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Collaborative Divorce Practice Groups -Unique Opportunities for Professionals

November 7, 2011

 

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Part 2 in an ongoing series by David Kuroda- COLLABORATIVE FAMILY LAW – THE LATEST THING IN DIVORCE ACCORDING TO THE MOVIE “JUNO” – Roy Disney and Robin Williams Chose Collaborative Divorce, Jamie and Frank McCourt Did Not

COLLABORATIVE DIVORCE – UNIQUE ROLES FOR MENTAL HEALTH AND FINANCIAL PROFESSIONALS – THE COACH – THE CHILD SPECIALIST

A key event in the emergence of Collaborative Divorce in Los Angeles was held in Dept. 2 on October, 2001. Judge Aviva Bobb hosted the program, co-sponsored by the South Bay and Los Angeles County Bar Associations. Over 100 attendees heard Pauline Tesler and Nancy Ross describe the newest way of getting divorced. Since that program, a number of groups have emerged to promote the use of collaborative divorce.

Mental health and financial professionals play important collaborative roles to help parents work out their dissolution. There are six groups in Los Angeles County, “A Better Divorce,” (abetterdivorce.com) a South Bay group of collaborative family law professionals; “The Coalition for Collaborative Divorce,”(nocourtdivorce.com) based in the San Fernando Valley, the “Los Angeles Collaborative Family Law Association” (LACFLA), (lacfla.com), based on the Westside, “Los Angeles Westside Collaborative Divorce Professionals” (LAWCDP), (lawcdp.org), “The Collaborative Practice Group of Pasadena,” (pasadenacollaborativedivorce.com), and “Alternatives: A Collaborative Team,” Long Beach, W. Orange County, and the Beach Cities (alternative-divorce.com).

In 2006, the inaugural statewide conference was held in Sonoma, and “Collaborative Practice – California” (CP-Cal) was established. In 2007, in Pasadena, the southern California conference was held at the Westin Hotel. CP-Cal, (cpcal.com) has been developing ways of expanding the practice of collaborative divorce by coordinating the efforts of the California groups. Past president, Kimberly Davidson and current president, Kathleen O’Connor have provided important leadership. The International Association of Collaborative Professionals (IACP) will hold its Annual IACP Forum in San Francisco, October 27-30, 2011. Collaborativepractice.com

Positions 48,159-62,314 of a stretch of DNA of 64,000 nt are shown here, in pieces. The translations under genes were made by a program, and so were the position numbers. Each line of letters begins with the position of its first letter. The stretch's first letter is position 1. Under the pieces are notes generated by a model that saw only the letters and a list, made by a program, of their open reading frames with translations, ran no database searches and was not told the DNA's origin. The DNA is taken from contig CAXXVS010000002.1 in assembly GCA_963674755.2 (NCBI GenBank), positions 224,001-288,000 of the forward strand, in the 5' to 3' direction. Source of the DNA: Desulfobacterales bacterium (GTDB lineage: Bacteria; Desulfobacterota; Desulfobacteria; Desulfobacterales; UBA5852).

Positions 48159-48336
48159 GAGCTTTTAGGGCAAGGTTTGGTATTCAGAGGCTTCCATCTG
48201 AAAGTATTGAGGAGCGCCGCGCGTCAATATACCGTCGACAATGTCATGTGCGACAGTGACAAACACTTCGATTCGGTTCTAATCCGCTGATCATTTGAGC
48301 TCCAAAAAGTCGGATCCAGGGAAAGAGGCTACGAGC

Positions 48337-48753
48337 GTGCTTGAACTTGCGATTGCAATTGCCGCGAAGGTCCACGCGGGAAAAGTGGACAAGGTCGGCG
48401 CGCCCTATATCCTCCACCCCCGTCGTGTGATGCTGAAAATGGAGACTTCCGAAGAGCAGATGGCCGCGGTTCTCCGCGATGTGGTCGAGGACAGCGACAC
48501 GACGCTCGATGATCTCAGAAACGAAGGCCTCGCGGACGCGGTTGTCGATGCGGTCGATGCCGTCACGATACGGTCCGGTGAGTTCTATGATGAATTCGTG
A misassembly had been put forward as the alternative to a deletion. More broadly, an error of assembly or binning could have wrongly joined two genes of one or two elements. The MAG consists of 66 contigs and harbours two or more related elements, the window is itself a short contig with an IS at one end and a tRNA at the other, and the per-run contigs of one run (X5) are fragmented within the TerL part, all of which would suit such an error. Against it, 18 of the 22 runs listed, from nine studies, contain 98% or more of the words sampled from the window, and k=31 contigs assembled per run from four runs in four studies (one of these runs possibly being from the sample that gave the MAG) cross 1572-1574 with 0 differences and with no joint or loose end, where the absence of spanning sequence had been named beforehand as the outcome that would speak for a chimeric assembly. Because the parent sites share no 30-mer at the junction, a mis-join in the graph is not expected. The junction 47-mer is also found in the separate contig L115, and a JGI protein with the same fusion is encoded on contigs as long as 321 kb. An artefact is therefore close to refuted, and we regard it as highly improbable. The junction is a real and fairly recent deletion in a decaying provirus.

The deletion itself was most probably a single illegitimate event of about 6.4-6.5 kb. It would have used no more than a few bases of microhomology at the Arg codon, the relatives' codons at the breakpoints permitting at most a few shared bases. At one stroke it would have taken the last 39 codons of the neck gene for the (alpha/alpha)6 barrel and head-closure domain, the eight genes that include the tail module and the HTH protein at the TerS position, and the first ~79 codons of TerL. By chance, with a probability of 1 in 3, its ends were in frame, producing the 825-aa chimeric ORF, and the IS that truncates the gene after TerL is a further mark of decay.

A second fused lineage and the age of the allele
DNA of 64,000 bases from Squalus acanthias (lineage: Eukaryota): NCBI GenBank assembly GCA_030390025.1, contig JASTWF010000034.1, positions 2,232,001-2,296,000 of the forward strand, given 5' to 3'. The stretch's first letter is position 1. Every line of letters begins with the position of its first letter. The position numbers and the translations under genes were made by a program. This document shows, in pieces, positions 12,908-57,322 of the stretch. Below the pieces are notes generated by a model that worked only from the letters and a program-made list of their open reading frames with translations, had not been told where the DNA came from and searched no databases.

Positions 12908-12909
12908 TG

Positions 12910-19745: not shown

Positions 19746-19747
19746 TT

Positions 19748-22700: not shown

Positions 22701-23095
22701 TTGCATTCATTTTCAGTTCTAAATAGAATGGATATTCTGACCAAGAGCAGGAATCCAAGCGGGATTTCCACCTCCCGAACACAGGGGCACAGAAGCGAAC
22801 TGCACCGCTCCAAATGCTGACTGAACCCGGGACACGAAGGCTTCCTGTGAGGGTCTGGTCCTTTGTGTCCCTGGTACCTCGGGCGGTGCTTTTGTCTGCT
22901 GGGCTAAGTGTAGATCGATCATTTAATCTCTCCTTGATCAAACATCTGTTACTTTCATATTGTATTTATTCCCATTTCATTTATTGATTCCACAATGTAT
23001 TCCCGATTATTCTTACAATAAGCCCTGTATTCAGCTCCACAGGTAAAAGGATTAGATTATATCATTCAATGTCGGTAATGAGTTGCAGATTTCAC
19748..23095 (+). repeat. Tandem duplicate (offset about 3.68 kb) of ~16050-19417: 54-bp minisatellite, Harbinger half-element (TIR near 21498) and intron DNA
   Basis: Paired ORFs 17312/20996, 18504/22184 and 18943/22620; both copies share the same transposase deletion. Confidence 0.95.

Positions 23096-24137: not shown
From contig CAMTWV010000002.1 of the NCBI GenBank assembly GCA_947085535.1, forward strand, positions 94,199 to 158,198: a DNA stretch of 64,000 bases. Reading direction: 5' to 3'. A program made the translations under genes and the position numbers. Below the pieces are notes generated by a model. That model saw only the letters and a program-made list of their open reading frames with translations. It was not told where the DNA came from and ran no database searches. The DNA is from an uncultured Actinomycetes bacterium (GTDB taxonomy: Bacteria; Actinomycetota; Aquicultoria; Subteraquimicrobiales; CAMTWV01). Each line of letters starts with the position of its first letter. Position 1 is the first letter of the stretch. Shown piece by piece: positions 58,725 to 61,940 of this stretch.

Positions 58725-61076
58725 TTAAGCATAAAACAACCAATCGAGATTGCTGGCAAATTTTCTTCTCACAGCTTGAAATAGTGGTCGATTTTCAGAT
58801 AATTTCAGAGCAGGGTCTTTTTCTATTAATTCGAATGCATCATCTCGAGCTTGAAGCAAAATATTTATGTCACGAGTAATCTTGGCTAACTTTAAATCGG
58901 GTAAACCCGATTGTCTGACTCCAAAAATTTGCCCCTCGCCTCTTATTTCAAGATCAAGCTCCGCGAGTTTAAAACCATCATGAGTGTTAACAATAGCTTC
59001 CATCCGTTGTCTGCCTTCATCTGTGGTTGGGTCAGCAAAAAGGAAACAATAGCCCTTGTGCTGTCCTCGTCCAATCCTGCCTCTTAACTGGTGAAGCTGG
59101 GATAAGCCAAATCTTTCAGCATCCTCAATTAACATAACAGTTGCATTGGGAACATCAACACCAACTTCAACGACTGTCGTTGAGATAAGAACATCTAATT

For the very first time in 2008, Collaborative Divorce training was held locally by Los Angeles professionals. The two-day program for Collaborative Family Law Interdisciplinary Training was taught by members of LACFLA, Los Angeles Collaborative Family Law Association. Fred Glassman, president of LACFLA, was responsible for this exciting program. Most of the practitioners of collaborative divorce have been trained outside the state; many have traveled to Arizona and other states for the training. Trainers have been brought in from other states for the previous programs. Now there are enough experienced and qualified professionals in Los Angeles County, LACFLA sponsored the training with a faculty of local practitioners. The training was repeated again last year. The next training is scheduled for October 14-16, 2011. Completion of the training qualifies attendees for membership in LACLFA and IACP. See lacfla.org.

In an introductory session for the Los Angeles Collaborative Family Law Association several years ago, at a gathering of over 60 members of the family law community, a highly respected psychologist admitted she had almost decided not to perform any more child custody evaluations. Despite the income, it was just too hard. Recommending parenting plans, figuring out how much time children should be with their parents, choosing between two caring parents-these are difficult issues. Many child custody evaluators are providing their services outside of court as child specialist role in Collaborative Divorce.

Collaborative Divorce is an enhancement of the Collaborative Law model. In addition to attorneys, this model includes the participation of financial and mental health professionals. In cases involving children, a child specialist assists the parties in developing a parenting plan. Coaches help with the emotional aspects of a divorce, and the financial professional representing neither party, provides information about the financial aspects of the divorce.

Mr. Kuroda is the former Division Chief, Family Court Services, Superior Court of Los Angeles and directed the Mediation and Conciliation Service, the first and largest court mediation program in the nation. In his 18 years with the Superior Court.

In addition to directing the program, he has personally provided mediation services to over 8,000 families, and has made presentations on collaborative divorce, mediation and divorce to numerous groups of attorneys and mental health professionals. He is a member of A Better Divorce, LAWCDP, the LA Collaborative Family Law Association, and CDRC. He serves on the Family Law Executive Committee, LA County Bar Association. He was recognized by the National Association of Social Workers, NASW, California, with the Lifetime Achievement Award in 2003; he was honored for his contributions to help establish Collaborative Divorce by Collaborative Practice California; in 2007 with the George Nickel Award, California Social Welfare Archives.

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